The reverse mortgage is a trend that seems to be hitting homes all over the country. And it's happening at the same time that housing prices are soaring and interest rates are at their record lows. Let's take a look at the reasons why despite the bad publicity that reverse mortgages had, they have managed to stay in the industry all these years to become the "in" thing for many borrowers today.
Once branded as predatory loans that took advantage of defenseless older people, the reverse mortgage took more beating when it was embroiled in scandals. But in the last decade, it has earned more credibility after legislation required more upfront disclosures of costs.
A reverse mortgage is a mortgage product specially designed for homeowners aged 62 and older. Through this product, seniors can receive a loan against their home in the form of a lump sum, regular monthly checks or a line of credit. The loan is typically repaid with interest when the borrower sells the house, permanently moves, or dies.
Here are some of the reasons that borrowers resort to a reverse mortgage.
Pay Traditional Mortgages - Homeowners use a reverse mortgage to pay down their remaining debt on their traditional mortgages and use the remainder to fund other retirement costs.
Unaffected Ownership - When the loan is accepted, the ownership of your house is not affected and you will still retain title to your home.
- The majority of the costs are paid for through the reverse mortgage loan.
Date - Compared to a traditional home equity line of credit, a reverse mortgage allows debt payments, including interest and other costs, to be stalled until a later date, typically when the owner dies.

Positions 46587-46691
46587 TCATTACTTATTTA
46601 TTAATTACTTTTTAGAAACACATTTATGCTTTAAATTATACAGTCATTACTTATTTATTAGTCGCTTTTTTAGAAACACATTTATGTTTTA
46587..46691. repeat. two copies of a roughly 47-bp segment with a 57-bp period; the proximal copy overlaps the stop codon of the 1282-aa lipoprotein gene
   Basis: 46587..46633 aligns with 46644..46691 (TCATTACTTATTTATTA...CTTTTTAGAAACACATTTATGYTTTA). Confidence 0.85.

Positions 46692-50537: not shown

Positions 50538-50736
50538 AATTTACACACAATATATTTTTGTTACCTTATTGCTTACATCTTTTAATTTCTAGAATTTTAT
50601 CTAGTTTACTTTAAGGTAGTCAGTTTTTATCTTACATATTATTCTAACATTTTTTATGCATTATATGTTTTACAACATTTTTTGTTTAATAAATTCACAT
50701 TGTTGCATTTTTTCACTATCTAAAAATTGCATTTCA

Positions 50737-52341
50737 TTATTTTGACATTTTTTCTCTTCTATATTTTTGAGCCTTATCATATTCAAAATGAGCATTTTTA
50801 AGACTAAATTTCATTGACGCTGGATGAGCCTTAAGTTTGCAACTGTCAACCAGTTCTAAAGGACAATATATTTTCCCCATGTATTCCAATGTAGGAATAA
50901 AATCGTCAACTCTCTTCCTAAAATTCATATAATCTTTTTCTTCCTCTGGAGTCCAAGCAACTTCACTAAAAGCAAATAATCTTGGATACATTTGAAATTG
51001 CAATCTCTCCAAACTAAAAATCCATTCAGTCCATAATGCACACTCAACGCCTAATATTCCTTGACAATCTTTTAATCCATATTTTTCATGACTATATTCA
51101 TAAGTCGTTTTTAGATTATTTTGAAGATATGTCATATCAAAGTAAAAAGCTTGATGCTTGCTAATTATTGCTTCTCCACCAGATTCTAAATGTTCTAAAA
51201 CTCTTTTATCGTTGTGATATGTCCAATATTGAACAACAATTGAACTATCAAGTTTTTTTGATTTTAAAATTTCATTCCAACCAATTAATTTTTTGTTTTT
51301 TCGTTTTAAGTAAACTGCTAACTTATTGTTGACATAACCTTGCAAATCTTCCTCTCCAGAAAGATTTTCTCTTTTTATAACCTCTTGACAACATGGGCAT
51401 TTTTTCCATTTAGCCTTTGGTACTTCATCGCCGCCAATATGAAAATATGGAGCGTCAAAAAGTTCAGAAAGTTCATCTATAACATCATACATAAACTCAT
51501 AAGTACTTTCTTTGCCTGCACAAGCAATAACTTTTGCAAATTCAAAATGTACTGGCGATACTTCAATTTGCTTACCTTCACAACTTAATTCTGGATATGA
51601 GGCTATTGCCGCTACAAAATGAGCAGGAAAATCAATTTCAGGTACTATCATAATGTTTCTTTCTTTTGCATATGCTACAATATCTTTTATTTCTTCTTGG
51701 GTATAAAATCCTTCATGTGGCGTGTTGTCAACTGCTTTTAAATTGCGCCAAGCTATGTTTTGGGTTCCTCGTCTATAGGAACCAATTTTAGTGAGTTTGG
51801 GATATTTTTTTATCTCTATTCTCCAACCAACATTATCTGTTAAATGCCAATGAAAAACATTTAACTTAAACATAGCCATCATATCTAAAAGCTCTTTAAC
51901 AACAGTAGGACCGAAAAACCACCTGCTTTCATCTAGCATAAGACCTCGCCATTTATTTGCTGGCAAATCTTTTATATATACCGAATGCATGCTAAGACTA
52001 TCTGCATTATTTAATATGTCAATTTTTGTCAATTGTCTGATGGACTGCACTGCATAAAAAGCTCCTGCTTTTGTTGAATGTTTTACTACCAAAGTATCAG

Prices - The debt can never go beyond the value of a home at the time that the loan is already repaid. This means that when soaring housing prices begin to drop, borrowers won't be held responsible for paying back a higher amount.
However, as more people become informed of the potential benefits that the reverse mortgage offers, they should also become aware that it has negative aspects.
Rate Variability - A reverse mortgage tends to be a variable rate mortgage loan that entails substantial front-end expenses to compensate for expenditures if ever the borrower exits early.
Older Borrowers Means Higher Prices - The loan will be bigger for pricier homes and older borrowers.
Complicated - According to advocates and financial planners, a reverse mortgage can become expensive and complicated. Therefore, seniors who are interested in applying for a reverse mortgage should first learn how it works. Before they look for a lender, they should be ready to receive independent counseling.
Higher Rates than Credit - Borrowers who choose to take the lump sum are slapped with higher interest payments compared to those who settle for installment checks or a line of credit. The reason for this is that, with the two latter choices, interest is only computed on the portion used.
While financial planners recommend that seniors only take a reverse mortgage if they plan to stay longer in their homes, evaluating the product's options may still be confusing. Before you apply for a reverse mortgage loan, make sure that you get impartial counseling first to help you decide if the product is right for you.
Learn more about the pros and cons of reverse mortgage. Find an online home loan equity mortgage calculator.
For more information, please visit: Reverse Mortgage Leads